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Anti-establishment in Egypt: the return of Ayman Nour

The one-time presidential candidate is among dissidents who won't be silenced, despite the government's efforts prior to 2011 elections.

While the Muslim Brotherhood has been around since before the founding of the Republic of Egypt, the government has had to start dealing with a new threat: bloggers.

The blogosphere in Egypt first became politicized on a massive scale in the wake of political unrest in 2005. Since then, their numbers have grown by the tens of thousands.

Unlike in some countries, the security forces, led by the Interior Ministry’s cyber crime division, don’t shut down websites critical of the government. They go after the writers.

“I would say this is the pattern,” said Hossam el-Hamalawy, one of Egypt’s most prominent bloggers. “It’s either phone up, threaten them, [or] stop them at the airport when they come. But we didn’t reach the level of, say, Tunisia,” where the government cracks down aggressively, banning people from the web or hacking their websites.

Many of these bloggers, though, are also street activists, protesting various government practices. It is in this context that many of them are arrested. El-Hamalawy is a socialist whose blog takes aim at the government’s labor practices. He says he was arrested and tortured in 2000 (before he started his blog) for tearing down the American flag that flew over the American University in Cairo. He has been arrested twice subsequently.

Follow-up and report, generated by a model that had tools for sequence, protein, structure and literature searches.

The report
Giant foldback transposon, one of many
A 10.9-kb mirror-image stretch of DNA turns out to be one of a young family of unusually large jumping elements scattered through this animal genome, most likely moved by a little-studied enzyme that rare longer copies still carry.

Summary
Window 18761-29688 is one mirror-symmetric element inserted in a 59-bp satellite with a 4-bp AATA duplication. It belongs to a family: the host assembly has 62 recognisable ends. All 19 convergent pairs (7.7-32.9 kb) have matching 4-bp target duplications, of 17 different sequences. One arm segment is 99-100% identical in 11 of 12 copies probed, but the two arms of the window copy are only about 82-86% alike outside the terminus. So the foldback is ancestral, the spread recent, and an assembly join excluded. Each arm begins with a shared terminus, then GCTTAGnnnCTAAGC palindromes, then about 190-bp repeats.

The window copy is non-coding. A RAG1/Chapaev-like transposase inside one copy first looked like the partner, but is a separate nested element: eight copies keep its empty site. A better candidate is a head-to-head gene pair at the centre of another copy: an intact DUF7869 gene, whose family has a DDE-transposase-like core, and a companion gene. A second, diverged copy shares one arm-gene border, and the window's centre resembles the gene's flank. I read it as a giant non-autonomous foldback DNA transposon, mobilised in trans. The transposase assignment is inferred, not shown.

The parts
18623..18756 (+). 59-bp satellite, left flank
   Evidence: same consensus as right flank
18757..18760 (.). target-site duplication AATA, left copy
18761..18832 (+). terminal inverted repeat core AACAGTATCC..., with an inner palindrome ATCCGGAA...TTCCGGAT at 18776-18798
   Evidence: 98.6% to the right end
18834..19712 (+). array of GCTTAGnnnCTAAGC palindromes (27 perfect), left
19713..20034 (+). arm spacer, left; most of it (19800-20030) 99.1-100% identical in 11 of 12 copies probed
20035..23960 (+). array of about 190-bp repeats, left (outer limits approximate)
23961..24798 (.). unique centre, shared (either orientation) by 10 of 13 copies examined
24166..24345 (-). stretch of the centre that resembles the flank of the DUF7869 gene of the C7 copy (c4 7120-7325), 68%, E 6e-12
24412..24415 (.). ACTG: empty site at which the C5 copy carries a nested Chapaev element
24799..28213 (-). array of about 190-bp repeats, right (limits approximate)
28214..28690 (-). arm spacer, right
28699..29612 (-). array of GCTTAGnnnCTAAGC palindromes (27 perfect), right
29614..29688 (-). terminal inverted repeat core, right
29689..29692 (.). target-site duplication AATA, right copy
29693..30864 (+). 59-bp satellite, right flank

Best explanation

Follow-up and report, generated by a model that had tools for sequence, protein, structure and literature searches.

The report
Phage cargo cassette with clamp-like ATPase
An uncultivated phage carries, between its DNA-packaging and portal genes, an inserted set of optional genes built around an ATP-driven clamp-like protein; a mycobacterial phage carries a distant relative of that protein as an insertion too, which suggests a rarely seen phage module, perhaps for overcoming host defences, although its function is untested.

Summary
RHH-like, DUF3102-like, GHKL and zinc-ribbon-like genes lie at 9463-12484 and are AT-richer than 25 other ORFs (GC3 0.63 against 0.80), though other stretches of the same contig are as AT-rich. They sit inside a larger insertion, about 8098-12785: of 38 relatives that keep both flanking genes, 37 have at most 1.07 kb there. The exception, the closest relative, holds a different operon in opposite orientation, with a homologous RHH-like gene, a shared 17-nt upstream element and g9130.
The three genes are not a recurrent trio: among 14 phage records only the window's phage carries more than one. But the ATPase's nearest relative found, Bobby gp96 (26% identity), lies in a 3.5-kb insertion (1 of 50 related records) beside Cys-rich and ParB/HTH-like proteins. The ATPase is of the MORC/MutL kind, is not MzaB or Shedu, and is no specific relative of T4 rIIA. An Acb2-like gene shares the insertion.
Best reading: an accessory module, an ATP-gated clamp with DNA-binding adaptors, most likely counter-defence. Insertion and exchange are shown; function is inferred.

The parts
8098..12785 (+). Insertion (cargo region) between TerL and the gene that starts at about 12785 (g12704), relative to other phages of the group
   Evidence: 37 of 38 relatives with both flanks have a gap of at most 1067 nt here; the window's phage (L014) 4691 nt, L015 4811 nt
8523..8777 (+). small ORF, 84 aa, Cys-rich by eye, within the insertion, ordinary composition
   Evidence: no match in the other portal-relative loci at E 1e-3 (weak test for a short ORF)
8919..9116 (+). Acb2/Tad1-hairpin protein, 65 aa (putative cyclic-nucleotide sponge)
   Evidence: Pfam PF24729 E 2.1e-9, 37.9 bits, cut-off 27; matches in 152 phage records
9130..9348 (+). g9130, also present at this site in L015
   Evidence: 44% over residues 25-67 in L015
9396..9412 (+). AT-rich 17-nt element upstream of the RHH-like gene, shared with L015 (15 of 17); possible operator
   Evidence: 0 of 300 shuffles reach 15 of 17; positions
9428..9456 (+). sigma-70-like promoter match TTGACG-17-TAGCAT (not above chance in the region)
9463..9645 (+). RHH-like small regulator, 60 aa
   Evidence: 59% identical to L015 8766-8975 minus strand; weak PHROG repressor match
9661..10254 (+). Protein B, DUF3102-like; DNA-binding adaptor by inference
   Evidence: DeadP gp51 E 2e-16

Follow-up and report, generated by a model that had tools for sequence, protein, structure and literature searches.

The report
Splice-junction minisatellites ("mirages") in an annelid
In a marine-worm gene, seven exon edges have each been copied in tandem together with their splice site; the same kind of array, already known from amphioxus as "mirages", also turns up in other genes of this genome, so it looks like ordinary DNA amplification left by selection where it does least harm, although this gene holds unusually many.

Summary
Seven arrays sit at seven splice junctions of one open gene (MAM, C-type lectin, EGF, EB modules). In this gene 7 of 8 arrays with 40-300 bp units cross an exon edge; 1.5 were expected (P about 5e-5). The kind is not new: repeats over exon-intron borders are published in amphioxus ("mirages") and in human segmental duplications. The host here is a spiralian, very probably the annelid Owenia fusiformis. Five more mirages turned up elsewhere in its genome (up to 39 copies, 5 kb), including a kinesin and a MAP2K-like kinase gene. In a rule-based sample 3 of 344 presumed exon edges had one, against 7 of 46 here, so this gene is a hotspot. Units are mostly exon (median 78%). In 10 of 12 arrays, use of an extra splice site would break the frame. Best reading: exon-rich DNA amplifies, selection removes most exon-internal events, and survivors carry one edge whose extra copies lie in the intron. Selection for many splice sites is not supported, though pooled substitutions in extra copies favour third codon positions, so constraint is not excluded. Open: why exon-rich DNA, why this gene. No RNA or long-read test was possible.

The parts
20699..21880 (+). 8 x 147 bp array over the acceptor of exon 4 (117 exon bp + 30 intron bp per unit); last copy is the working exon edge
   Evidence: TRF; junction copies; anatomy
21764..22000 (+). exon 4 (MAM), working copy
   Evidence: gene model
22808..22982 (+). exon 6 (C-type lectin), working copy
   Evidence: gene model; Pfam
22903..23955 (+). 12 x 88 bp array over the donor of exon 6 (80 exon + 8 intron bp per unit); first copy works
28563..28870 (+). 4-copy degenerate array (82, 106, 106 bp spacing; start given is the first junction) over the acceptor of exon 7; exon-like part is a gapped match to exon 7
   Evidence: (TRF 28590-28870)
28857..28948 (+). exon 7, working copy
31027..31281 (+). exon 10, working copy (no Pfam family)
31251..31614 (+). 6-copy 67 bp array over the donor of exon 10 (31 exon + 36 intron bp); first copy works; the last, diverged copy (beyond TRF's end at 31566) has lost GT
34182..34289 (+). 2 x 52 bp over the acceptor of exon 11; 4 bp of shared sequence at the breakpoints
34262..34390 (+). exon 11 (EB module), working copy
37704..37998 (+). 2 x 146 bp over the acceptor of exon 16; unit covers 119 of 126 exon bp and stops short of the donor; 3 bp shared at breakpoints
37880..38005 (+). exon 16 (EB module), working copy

Part of the threat that bloggers pose to the government, he believes, is that they break stories of political or military abuse that conventional newspapers won’t.

He added that local print reporters have been known to feed controversial stories to bloggers so that they can report on the blog coverage instead of on the story itself.

Despite the crackdown, it’s remarkable that many of these political dissidents, who hail from all ends of the political spectrum, continue to lead life in the public eye.

El-Hamalawy serves as an editor at one of the country’s pre-eminent newspapers.

Al-Aryan works out of his office at the doctor’s syndicate in downtown.

Nour, who was unexpectedly released from jail early this year, has launched a grassroots political campaign called “Knocking on Doors.” As leader of the Ghad party, he goes door to door across the country, extolling the virtues of liberal democracy.

If his group tries to set up formal events, he says, security forces shut them down ahead of time. But they still let him go door to door and spread his message quietly.

“We can’t hold conferences,” he said. “We can’t own any newspapers or visual media. We are prevented from using any means of communications. The only right that they can’t prevent us from doing is our right to walk on our feet in the streets.”